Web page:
I am a Catholic and last year I had one of the weirdest and rarest observance of Palm Sunday. The country was already on a strict lockdown due to covid19 and I had to contend myself from hearing the Holy Mass in front of a TV. And since no one was allowed to go out then, the “palm” that I used was actually an outgrowth of a vine that I plucked from the few pots of plants in my balcony.
Today is Ash Wednesday. In the Catholic tradition Ash Wednesday is the beginning of the Lenten period. It is the season of repentance and reflection. It is also marked by a Holy Mass in which priests or church leaders will make the sign of the cross out of paste made of ash and sacramental oil on the foreheads of the congregants. Part of this tradition is that ashes are made from the palm fronds that have been burned from the previous year’s Palm Sunday.
Since I was lucky enough to have kept the fronds (dried leaves and vine) that I used in last year’s Palm Sunday and because I refuse to go to church due to the crazy scary pandemic, I decided to do my own observance of Ash Wednesday.
Part of my creating my own ash for the celebration of this special day is the symbolic burning of my sins. I decided to write down on a piece of paper my confessions and burn it at the same time with that of my last year’s Palm Sunday fronds.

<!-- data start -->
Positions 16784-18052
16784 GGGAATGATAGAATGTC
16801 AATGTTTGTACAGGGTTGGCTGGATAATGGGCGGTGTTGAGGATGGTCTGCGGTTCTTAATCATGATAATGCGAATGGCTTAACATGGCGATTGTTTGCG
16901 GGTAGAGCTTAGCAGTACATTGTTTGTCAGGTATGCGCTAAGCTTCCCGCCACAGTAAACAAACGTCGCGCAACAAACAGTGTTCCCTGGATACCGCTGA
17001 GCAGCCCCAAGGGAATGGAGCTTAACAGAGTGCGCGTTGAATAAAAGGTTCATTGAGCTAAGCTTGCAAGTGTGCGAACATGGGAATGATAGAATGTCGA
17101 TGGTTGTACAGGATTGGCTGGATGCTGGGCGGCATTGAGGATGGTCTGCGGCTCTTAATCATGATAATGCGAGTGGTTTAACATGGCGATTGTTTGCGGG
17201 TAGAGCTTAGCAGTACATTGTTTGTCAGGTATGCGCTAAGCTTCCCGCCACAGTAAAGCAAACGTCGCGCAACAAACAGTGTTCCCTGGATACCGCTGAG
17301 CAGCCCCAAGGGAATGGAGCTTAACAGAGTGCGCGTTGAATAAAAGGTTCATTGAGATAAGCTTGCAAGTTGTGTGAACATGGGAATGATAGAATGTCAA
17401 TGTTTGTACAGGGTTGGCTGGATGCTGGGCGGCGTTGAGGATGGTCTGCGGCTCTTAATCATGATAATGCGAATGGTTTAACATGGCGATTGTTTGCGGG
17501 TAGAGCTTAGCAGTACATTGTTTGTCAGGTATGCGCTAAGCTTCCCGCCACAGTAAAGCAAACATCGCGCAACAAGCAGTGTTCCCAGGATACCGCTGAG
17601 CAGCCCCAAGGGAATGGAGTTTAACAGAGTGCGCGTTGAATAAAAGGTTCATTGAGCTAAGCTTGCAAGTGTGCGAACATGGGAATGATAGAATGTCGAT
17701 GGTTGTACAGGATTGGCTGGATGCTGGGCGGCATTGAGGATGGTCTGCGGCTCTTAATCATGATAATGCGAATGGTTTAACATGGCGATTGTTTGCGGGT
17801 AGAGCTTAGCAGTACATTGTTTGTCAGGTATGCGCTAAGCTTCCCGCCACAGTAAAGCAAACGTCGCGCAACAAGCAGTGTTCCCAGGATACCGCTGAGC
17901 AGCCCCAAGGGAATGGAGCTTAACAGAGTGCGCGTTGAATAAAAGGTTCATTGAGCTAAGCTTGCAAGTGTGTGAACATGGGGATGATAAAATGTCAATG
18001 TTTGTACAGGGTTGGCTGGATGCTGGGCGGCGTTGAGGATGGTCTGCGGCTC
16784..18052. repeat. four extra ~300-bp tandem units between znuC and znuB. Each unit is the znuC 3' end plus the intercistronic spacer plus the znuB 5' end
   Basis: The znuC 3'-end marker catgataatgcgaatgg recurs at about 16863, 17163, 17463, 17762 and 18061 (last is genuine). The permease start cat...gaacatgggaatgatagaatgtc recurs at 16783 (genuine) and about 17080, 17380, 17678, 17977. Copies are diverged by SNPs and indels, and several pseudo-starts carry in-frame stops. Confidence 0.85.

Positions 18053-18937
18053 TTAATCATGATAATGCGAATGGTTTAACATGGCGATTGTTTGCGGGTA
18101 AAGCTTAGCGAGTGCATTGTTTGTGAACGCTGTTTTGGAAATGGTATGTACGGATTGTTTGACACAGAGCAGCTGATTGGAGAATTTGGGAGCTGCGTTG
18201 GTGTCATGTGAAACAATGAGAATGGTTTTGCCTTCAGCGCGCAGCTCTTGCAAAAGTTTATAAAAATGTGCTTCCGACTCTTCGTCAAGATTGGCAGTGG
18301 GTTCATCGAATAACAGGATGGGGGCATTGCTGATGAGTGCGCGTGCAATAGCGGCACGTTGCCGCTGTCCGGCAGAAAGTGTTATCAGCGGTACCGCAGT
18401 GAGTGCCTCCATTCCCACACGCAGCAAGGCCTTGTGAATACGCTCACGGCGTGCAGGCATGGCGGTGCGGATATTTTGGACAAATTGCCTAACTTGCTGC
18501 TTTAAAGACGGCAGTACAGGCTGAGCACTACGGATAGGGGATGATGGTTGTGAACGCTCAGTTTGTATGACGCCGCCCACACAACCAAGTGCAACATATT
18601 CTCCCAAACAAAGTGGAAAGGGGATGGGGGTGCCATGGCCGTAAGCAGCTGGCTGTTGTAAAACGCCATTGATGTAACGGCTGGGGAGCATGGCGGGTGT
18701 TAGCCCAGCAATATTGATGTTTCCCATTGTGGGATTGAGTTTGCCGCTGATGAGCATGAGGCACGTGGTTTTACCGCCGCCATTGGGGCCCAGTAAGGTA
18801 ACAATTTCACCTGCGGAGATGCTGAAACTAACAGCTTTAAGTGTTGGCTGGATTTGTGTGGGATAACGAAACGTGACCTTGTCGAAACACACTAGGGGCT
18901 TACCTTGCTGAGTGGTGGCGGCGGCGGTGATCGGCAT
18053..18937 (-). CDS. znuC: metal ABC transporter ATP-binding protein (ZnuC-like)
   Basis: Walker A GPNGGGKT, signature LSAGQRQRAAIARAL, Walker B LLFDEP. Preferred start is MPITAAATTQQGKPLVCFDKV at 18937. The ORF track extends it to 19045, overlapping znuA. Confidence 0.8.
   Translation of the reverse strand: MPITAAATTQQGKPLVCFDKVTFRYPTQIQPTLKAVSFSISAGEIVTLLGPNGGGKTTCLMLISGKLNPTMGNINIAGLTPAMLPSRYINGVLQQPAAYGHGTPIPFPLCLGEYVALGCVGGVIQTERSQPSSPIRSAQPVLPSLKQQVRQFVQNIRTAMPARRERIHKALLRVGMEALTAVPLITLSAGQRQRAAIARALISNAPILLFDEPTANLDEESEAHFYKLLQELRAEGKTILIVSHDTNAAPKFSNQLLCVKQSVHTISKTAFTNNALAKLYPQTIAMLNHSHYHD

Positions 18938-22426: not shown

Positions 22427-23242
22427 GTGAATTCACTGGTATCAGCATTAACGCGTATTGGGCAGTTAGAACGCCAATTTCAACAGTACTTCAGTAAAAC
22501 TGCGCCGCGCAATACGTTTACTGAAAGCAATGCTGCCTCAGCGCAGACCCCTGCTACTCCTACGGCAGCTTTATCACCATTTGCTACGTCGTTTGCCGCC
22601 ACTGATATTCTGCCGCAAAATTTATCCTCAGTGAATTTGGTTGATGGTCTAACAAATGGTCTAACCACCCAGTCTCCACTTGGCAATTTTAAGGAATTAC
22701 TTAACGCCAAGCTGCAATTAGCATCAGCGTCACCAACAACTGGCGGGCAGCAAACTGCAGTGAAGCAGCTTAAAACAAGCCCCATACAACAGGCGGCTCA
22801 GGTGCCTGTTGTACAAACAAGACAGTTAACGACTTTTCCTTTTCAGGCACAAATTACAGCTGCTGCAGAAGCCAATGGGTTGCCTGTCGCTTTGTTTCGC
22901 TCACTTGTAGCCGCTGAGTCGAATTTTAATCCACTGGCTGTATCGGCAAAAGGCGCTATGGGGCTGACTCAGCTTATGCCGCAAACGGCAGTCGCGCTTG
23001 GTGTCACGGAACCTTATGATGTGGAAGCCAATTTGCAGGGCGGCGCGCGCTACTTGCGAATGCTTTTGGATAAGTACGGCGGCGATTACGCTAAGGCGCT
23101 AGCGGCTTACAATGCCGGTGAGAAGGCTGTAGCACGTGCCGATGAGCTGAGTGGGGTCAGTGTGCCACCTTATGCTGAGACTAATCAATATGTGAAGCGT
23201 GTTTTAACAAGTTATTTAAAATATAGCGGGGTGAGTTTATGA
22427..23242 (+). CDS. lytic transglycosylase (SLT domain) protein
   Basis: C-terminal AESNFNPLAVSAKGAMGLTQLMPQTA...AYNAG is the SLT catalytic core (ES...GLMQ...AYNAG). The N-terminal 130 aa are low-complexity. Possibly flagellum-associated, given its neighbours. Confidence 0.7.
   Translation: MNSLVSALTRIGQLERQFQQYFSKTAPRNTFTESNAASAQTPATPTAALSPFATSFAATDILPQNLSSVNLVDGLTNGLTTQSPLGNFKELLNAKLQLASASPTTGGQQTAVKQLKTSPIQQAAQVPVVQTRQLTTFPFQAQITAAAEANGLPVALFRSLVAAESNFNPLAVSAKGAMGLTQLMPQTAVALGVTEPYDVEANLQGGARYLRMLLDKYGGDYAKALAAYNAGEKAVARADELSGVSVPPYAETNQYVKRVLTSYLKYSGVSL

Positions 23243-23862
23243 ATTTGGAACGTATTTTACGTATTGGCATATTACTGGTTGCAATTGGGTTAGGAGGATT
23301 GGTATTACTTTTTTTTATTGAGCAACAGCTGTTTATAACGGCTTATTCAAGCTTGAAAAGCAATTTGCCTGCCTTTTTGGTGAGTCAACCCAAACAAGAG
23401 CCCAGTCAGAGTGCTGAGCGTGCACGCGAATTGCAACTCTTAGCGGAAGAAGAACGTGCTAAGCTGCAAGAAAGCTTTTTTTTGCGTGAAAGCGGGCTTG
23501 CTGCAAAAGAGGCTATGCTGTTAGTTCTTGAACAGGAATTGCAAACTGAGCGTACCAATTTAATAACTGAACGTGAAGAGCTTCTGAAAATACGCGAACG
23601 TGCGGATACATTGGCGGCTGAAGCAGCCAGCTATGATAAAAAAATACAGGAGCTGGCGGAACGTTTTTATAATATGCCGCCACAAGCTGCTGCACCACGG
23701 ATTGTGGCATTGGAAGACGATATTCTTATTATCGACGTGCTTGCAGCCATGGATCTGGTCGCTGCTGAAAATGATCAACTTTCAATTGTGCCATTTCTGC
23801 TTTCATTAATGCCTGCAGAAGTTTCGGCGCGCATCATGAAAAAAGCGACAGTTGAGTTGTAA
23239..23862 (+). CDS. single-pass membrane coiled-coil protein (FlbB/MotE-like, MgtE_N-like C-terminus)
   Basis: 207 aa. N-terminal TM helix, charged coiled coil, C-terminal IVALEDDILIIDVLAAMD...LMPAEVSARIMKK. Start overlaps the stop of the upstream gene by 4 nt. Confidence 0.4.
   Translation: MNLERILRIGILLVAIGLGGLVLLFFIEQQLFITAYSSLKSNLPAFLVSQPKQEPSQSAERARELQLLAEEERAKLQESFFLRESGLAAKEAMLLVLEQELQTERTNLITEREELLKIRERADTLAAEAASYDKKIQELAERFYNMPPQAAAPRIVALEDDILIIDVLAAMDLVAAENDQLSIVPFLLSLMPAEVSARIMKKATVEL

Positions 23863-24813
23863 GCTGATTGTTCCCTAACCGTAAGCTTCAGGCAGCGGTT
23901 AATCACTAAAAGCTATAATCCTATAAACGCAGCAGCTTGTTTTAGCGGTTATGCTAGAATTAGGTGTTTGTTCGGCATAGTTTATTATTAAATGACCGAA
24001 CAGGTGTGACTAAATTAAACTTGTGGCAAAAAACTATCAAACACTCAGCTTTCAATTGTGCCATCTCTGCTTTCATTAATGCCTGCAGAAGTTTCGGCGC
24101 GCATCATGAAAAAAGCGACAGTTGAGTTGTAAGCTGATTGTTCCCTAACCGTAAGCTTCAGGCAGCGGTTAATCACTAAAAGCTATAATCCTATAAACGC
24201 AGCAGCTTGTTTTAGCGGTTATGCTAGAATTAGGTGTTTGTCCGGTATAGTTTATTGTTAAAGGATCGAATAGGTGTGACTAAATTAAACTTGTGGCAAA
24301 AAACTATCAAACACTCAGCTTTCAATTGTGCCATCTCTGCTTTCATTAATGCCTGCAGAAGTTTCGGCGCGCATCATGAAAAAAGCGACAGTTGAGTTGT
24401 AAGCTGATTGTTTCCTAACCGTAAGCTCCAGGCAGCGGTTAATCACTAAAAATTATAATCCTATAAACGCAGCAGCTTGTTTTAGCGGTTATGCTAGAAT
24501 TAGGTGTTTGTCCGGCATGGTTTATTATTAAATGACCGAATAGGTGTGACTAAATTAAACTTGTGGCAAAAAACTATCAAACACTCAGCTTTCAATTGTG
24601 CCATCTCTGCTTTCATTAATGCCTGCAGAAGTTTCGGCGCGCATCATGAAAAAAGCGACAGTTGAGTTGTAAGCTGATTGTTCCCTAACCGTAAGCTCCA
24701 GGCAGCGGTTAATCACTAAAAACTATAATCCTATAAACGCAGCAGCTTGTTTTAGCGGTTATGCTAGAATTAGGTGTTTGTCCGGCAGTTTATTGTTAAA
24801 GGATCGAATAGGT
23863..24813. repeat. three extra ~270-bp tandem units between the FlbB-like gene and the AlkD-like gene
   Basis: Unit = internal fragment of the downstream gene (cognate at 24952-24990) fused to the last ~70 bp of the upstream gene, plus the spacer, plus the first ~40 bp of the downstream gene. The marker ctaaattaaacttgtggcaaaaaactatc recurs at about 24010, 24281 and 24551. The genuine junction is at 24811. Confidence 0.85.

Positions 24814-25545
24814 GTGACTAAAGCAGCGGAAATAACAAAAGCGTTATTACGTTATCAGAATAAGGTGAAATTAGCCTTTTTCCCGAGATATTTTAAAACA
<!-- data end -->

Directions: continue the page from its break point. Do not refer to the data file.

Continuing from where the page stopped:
With the thought in mind that “for dust thou art and unto dust shalt thou return”, instead of placing the formed ash on my forehead, I decided to return the ashes to earth. I alternatively add the formed ashes into the soil of my plants as a symbol new life with the hopes of a rosy spring for the rest of the year.
I know that my ceremonial version of this day is a total deviation on how a Catholic Ash Wednesday should be observed. But honestly, while doing what I was doing, I felt free, I felt light and I felt at peace. And I guess that is what matters on this holy day of Ash Wednesday.